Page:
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Shrub ideas for front of house

TodZone5
April 8, 2013

This is my first time posting to this forum and I am a novice. I welcome any ideas. I am looking for some suggestions on shrubs we could use along the front of the house. Last year we tore out lots of yews, a few monster rhododendrons and 2 hemlocks (30 ft) that totally covered the front of the house. We dug up roots, roto-ed, fertilized and then mulched the area. It's a western exposure. We get sun mid-day to evening. This afternoon light is blocked by the two Red Oaks, so it's not direct sun. Many homes have rhododendrons and I'd like to use something else. Perhaps a few different types and colors and sizes? The total length across the front of the house is 25 feet. The windows run along 15 ft. The depth is 10 feet. Any ideas on how many and how high? I'd like to get something tall on the right of the space (opposite side of the porch). There is a gap in the Junipers close to the house that I'd like to cover up so we can't see the neighbor's driveway. Just not sure how to "shape" the space (width, heigth and placement). The elm in the front yard throws off the lines and I'd very much like to keep it there. Thanks for any input.This is our first step. We will also want to plant flowers in and around these shrubs. Thanks to all !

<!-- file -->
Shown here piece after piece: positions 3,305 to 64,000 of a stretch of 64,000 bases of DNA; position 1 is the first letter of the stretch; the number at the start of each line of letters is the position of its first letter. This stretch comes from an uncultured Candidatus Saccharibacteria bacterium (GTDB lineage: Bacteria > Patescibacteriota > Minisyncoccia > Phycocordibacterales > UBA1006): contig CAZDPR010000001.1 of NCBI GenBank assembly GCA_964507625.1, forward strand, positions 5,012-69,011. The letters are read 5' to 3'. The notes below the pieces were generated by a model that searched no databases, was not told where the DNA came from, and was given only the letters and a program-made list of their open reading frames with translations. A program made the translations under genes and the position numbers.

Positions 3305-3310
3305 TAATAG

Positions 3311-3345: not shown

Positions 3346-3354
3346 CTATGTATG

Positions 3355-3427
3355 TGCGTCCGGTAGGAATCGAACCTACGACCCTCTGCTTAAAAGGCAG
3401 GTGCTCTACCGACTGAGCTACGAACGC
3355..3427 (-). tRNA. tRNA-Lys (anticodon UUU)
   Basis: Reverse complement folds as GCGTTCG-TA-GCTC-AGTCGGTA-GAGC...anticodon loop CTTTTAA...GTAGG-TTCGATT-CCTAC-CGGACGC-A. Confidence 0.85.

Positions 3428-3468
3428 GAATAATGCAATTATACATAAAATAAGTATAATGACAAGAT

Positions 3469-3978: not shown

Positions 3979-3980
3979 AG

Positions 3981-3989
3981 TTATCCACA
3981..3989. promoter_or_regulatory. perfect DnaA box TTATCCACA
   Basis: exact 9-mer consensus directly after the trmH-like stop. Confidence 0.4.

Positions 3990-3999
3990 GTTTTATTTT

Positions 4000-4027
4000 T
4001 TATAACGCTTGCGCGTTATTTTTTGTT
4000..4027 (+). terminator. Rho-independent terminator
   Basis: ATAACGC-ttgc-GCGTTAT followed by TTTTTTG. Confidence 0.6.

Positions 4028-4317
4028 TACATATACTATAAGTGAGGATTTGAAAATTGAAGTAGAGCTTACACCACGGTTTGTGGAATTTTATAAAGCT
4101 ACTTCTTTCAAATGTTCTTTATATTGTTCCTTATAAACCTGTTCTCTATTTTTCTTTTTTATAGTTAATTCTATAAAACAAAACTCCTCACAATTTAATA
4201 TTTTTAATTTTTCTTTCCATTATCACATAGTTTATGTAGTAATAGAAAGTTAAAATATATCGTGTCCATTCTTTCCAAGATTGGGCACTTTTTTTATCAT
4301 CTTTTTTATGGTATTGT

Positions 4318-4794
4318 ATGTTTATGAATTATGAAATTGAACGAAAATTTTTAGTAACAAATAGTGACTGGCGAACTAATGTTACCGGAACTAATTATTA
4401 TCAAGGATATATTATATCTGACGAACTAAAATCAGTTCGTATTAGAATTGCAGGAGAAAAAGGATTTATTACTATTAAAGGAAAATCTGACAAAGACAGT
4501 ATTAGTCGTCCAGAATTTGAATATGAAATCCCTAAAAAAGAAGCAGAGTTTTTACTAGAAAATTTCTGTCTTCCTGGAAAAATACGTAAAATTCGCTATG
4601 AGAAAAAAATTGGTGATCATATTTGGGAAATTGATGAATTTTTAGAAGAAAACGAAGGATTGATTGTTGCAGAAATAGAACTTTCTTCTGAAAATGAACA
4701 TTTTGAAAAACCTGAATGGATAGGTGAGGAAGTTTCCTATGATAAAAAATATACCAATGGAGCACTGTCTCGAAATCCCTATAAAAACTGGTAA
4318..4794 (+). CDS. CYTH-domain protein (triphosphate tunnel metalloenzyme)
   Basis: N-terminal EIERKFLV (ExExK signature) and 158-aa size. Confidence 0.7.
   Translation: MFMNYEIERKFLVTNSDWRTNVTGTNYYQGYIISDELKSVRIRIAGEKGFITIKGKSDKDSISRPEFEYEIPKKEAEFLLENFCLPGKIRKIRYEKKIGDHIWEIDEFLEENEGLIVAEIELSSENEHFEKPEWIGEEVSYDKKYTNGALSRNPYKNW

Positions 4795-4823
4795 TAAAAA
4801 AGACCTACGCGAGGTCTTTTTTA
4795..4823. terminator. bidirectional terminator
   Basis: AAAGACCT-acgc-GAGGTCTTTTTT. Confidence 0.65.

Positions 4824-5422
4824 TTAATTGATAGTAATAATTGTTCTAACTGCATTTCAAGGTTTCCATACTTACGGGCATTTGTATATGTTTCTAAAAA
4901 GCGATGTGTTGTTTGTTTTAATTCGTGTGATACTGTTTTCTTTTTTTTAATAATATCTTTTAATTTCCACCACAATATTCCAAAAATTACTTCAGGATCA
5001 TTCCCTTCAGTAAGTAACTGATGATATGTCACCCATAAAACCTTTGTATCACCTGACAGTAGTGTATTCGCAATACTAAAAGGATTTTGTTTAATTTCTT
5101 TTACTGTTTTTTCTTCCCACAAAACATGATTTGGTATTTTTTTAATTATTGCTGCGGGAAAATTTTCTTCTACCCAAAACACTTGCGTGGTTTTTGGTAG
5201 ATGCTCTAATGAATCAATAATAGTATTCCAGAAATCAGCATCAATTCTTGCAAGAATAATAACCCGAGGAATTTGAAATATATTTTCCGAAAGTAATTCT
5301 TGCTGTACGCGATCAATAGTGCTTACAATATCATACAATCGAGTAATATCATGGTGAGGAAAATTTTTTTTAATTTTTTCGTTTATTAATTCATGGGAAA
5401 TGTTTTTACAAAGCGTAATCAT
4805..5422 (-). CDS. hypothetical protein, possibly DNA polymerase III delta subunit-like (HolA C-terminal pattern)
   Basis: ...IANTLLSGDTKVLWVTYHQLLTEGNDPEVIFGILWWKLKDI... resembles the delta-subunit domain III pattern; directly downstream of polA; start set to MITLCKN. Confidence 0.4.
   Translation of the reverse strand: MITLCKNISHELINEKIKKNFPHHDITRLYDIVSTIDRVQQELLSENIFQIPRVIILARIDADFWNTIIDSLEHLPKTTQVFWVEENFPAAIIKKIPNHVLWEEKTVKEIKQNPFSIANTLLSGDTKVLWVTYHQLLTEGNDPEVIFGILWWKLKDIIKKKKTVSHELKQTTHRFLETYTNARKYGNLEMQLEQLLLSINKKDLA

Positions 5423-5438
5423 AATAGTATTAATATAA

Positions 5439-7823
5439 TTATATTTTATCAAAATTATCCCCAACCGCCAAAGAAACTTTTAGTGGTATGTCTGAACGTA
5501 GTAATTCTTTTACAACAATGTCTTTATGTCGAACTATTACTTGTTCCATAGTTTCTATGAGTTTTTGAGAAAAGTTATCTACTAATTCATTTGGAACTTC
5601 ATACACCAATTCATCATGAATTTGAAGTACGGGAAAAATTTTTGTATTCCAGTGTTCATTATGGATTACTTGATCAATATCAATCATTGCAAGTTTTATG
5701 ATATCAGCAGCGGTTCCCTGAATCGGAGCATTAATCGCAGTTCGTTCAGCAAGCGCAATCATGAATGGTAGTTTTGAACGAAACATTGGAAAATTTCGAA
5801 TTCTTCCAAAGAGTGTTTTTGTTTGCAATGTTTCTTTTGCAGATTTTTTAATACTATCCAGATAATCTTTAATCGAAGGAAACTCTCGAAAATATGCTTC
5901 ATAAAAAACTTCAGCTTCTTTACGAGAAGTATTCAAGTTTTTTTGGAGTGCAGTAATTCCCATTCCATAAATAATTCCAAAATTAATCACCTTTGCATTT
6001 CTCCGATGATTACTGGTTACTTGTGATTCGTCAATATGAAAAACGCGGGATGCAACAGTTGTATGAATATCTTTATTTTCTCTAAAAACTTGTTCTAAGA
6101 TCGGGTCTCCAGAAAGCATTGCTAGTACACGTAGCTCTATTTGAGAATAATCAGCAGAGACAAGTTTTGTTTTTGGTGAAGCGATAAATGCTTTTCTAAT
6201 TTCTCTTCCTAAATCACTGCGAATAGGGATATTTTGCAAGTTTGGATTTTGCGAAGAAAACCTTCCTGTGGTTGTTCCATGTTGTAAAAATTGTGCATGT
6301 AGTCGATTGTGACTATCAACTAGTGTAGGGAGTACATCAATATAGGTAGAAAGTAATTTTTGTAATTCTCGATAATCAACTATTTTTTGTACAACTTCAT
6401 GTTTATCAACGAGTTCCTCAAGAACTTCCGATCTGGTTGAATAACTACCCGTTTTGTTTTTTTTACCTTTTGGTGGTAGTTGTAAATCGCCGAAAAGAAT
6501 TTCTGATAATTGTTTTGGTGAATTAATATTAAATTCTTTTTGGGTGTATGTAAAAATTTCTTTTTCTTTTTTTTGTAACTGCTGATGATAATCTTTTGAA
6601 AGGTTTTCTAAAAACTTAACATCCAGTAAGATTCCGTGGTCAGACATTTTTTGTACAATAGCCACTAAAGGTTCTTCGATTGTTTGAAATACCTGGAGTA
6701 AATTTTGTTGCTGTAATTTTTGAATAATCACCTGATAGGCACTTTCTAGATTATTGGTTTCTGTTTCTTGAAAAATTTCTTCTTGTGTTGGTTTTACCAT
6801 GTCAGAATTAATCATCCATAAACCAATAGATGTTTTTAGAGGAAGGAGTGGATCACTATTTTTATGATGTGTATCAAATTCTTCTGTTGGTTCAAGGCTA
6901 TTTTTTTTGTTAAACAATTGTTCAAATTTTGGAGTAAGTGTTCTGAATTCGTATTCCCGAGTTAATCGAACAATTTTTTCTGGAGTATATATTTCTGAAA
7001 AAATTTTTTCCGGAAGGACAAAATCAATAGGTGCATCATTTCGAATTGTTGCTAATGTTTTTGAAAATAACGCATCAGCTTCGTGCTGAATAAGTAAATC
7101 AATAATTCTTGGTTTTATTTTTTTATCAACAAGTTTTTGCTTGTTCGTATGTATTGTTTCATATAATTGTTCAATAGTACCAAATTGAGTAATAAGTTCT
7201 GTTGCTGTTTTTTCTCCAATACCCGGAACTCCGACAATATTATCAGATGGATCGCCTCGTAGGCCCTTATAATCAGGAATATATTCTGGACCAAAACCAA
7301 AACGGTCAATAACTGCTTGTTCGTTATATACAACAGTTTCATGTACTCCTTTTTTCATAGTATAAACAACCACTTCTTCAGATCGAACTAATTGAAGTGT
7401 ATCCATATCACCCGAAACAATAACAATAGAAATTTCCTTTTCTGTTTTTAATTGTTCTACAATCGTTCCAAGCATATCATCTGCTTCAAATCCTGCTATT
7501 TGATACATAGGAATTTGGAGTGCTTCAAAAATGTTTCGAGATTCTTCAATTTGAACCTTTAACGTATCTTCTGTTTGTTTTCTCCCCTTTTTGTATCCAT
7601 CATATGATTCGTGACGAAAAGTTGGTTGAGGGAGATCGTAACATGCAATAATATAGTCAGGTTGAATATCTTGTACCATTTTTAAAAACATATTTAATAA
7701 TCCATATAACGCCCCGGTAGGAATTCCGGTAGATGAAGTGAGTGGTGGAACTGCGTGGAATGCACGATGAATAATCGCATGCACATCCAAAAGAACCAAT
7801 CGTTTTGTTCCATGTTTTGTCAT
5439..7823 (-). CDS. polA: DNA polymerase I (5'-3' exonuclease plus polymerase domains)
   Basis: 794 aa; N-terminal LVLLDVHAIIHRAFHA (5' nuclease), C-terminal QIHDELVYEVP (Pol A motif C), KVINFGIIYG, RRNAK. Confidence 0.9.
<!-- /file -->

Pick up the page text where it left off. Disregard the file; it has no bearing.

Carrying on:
Comments (4)

  • TodZone5

    Another photo that shows the open space that we want to block.

  • TodZone5

    One last photo that I hope helps.

  • PRO
    Yardvaark

    Can you add a photo which shows the area at the right side of the yard (that is now black)?

    Please elaborate on what "... a few different types and colors and sizes?" means to you. The comment is making me think that "plant collecting" might be more your goal than landscaping ...?

    In general, street trees contribute a better effect by framing a view of the house, than than by screening or obliterating the view of it. A general rule of thumb is that the tree branches are better not covering any of the view of the first floor. (It becomes more discretionary after that.) So you might consider removing any low-hanging branches while they're small and easy to remove. I'd also remove any that will be likely to hang lower in the near future. While there are some exceptions in which the low-hanging branches are intentionally kept, this does not appear to be one of them.

  • TodZone5

    The second photo shows the section of the house that you asked about. I was thinking of using shrubs that only grow only as high as the bottom of the front windows and keeping them pruned. I just wanted to away from using the very commonly used rhodendrons in many neighborhoods around us. I hope this helps. Thank you for your help.

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